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Climate Dynamics

, Volume 43, Issue 5–6, pp 1715–1730 | Cite as

Indian Ocean variability in the CMIP5 multi-model ensemble: the zonal dipole mode

  • Lin LiuEmail author
  • Shang-Ping Xie
  • Xiao-Tong Zheng
  • Tim Li
  • Yan Du
  • Gang Huang
  • Wei-Dong Yu
Article

Abstract

The performance of 21 Coupled Model Intercomparison Project Phase 5 (CMIP5) models in the simulation of the Indian Ocean Dipole (IOD) mode is evaluated. Compared to CMIP3, CMIP5 models exhibit a similar spread in IOD intensity. A detailed diagnosis was carried out to understand whether CMIP5 models have shown improvement in their representation of the important dynamical and thermodynamical feedbacks in the tropical Indian Ocean. These include the Bjerknes dynamic air-sea feedback, which includes the equatorial zonal wind response to sea surface temperature (SST) anomaly, the thermocline response to equatorial zonal wind forcing, the ocean subsurface temperature response to the thermocline variations, and the thermodynamic air-sea coupling that includes the wind-evaporation-SST and cloud-radiation-SST feedback. Compared to CMIP3, the CMIP5 ensemble produces a more realistic positive wind-evaporation-SST feedback during the IOD developing phase, while the simulation of Bjerknes dynamic feedback is more unrealistic especially with regard to the wind response to SST forcing and the thermocline response to surface wind forcing. The overall CMIP5 performance in the IOD simulation does not show remarkable improvements compared to CMIP3. It is further noted that the El Niño-Southern Oscillation (ENSO) and IOD amplitudes are closely related, if a model generates a strong ENSO, it is likely that this model also simulates a strong IOD.

Keywords

Indian Ocean Dipole zonal model CMIP3 CMIP5 Interannual variability Bjerknes feedback Thermodynamic feedback 

Notes

Acknowledgments

We acknowledge the World Climate Research Programme’s Working Group on Coupled Modelling, which is responsible for CMIP, and we thank the climate modeling groups for producing and making available their model output. For CMIP the U.S. Department of Energy’s Program for Climate Model Diagnosis and Intercomparison provides coordinating support and led development of software infrastructure in partnership with the Global Organization for Earth System Science Portals. We wish to thank L. X. Xu and L. Feng for data preparation. This work was supported by Chinese National Basic Research Program grants: 2010CB950304, 2012CB955601 and ARCP2013-27NSY-Liu grants and the Natural Science Foundation of China (41376037, 41306030, and 41106010).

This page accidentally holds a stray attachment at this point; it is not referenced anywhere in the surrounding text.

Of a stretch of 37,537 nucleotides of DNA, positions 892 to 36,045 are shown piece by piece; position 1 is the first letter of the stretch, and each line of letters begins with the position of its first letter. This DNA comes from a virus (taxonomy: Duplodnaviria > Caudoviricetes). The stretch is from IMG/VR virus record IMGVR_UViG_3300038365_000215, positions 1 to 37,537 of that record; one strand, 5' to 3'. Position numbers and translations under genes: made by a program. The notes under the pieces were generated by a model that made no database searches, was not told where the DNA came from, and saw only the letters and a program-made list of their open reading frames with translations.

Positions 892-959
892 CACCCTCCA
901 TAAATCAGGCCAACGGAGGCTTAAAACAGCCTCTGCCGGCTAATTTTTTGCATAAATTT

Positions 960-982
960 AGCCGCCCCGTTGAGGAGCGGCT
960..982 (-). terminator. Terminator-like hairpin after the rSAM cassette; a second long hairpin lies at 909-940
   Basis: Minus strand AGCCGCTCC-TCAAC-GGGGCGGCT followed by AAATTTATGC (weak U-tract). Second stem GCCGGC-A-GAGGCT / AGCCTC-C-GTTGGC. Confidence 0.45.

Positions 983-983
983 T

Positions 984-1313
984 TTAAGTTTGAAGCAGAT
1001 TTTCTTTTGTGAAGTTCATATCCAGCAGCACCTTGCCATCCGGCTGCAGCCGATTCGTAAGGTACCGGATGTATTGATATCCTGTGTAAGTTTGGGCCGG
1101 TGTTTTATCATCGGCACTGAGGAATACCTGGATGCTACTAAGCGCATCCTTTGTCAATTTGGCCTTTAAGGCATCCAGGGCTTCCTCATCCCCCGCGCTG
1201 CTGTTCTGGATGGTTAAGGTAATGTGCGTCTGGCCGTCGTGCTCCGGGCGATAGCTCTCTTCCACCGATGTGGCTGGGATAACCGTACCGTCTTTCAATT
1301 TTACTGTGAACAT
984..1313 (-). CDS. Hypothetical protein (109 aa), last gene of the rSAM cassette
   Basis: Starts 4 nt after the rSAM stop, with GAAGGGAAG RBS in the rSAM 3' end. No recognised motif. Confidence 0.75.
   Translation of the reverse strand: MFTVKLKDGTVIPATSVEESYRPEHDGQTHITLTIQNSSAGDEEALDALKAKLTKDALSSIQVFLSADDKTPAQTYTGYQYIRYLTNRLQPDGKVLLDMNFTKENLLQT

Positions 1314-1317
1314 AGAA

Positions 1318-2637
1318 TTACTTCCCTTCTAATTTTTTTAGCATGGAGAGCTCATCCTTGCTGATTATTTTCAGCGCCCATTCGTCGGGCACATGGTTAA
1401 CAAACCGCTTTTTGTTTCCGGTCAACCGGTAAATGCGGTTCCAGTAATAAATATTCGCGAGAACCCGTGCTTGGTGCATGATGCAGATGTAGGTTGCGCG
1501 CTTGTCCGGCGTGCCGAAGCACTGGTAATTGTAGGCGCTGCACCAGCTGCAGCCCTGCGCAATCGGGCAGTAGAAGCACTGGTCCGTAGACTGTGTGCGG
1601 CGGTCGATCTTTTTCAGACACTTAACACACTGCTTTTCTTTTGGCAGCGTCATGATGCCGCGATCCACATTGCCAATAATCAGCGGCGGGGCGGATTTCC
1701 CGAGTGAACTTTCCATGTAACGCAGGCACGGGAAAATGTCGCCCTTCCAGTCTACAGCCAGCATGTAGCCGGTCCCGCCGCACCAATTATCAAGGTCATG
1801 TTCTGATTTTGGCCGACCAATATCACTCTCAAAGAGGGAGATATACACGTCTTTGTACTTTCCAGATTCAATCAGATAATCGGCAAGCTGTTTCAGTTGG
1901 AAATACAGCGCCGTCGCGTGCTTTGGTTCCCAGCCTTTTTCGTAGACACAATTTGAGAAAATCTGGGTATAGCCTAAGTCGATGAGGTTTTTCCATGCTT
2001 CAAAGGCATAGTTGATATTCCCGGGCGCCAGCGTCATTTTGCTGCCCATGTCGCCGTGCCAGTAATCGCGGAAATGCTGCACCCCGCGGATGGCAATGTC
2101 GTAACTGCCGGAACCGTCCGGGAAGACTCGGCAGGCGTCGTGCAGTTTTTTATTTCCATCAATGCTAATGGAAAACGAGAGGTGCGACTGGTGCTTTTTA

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Copyright information

© Springer-Verlag Berlin Heidelberg 2013

Authors and Affiliations

  • Lin Liu
    • 1
    Email author
  • Shang-Ping Xie
    • 2
    • 3
  • Xiao-Tong Zheng
    • 3
  • Tim Li
    • 4
  • Yan Du
    • 5
  • Gang Huang
    • 6
    • 7
  • Wei-Dong Yu
    • 1
  1. 1.Center for Ocean and Climate ResearchFirst Institute of Oceanography, State Oceanic Administration (SOA)QingdaoChina
  2. 2.Scripps Institution of OceanographyUniversity of CaliforniaSan Diego, La JollaUSA
  3. 3.Physical Oceanography LaboratoryOcean University of ChinaQingdaoChina
  4. 4.International Pacific Research Center and Department of MeteorologyUniversity of Hawaii at ManoaHonoluluUSA
  5. 5.State Key Laboratory of Tropical Oceanography, South China Sea Institute of OceanologyChinese Academy of SciencesGuangzhouChina
  6. 6.Key Laboratory of Regional Climate-Environment Research for Temperate East Asia, Institute of Atmospheric PhysicsChinese Academy of SciencesBeijingChina
  7. 7.Collaborative Innovation Center on Forecast and Evaluation of Meteorological DisastersNanjing University of Information Science and TechnologyNanjingChina

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